So, it’s too early to say where we are in the process, except [that] it’s ongoing. Right now we’re in mid-May, so I think we’ll have a better idea probably in two months in what direction we’re going to have to go. I’m sure the industry would welcome what I’ll call a ‘return to normalcy.’ (laughs) And again, we’re going to do our best to stave off any further cuts to the principal limit factor, and stave off any potential premium increases. But, today it’s just too early to make that judgment call. We’ll see where that takes us in the next few months.
Last question, because I’ve heard a lot about how people really believe that you are a friend to this program. I wanted to know the source of that, just because I don’t know if I’ve ever heard you talk directly on the record about it before. You’ve spoken positively in the past about your general perspectives on it, but where do your positive feelings on HECM come from?
That’s an extremely good question, I’m not sure anyone’s ever asked me that. Part of being FHA Commissioner is I have a lot of programs dedicated to extremely low income families, whether it’s project-based rental assistance, the housing choice voucher program, the section 202 program which is designed to help frail elderly [people], mostly females, and the section 811 program which helps persons with disabilities. All told, those programs help 4-and-a-half million families. So, I think part of it is seeing the visibility into serving those cohorts who, many of them were never homeowners or will never be homeowners.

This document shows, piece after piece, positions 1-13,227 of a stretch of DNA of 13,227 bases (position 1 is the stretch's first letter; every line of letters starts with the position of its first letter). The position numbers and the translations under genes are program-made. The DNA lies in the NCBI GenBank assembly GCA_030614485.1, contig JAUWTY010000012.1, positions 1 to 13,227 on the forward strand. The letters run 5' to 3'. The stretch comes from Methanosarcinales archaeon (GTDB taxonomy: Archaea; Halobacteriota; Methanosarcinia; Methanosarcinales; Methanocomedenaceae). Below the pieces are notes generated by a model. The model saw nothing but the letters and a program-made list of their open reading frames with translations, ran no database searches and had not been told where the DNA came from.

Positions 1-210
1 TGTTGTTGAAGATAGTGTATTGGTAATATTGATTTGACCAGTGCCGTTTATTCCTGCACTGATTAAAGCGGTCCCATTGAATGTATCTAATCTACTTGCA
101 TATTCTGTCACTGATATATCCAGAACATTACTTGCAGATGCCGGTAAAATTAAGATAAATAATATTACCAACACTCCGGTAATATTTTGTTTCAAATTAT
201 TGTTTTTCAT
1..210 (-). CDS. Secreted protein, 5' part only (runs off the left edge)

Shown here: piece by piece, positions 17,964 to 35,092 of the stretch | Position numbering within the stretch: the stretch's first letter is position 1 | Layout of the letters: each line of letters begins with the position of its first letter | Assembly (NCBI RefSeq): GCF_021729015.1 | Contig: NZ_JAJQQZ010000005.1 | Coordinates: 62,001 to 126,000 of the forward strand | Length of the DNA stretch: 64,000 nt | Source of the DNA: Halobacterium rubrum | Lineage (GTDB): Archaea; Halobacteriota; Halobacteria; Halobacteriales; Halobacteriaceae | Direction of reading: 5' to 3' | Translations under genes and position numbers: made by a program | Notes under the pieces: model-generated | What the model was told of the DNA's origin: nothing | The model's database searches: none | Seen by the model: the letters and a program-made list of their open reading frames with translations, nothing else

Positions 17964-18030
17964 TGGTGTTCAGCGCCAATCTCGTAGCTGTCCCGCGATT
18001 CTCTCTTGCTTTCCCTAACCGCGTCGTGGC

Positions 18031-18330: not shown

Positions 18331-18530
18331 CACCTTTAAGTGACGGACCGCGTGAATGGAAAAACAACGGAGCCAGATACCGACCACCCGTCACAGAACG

I think there’s a government product that takes the best of the private sector and the public sector, it’s a product offered through private or publicly-traded corporations. The borrower pays for the assistance, if you will, through premiums. The government’s there to help provide the product. Not only do I think that’s a good construct, but one that helps seniors do what they all want to do, and that’s age in place as long as they can. I think it’s good for our economy, and good to help seniors do what they want to do.
That said, obviously it’s suffered from a lot of ripple from the housing market collapse, which just evaporated home price appreciation in many markets, including markets where HECMs were prevalent. Even though reverse mortgages had absolutely nothing to do with the housing market collapse, nor did FHA. We nonetheless felt the sting of the extreme drop in home prices. In many cases, for HECM products we’re taking them originally when the home value was [much higher] and a couple years later, sometimes even less, the values dropped 30, 40 or 50 percent. So, coupled with all the other issues, we got to a place where we didn’t necessarily want to be.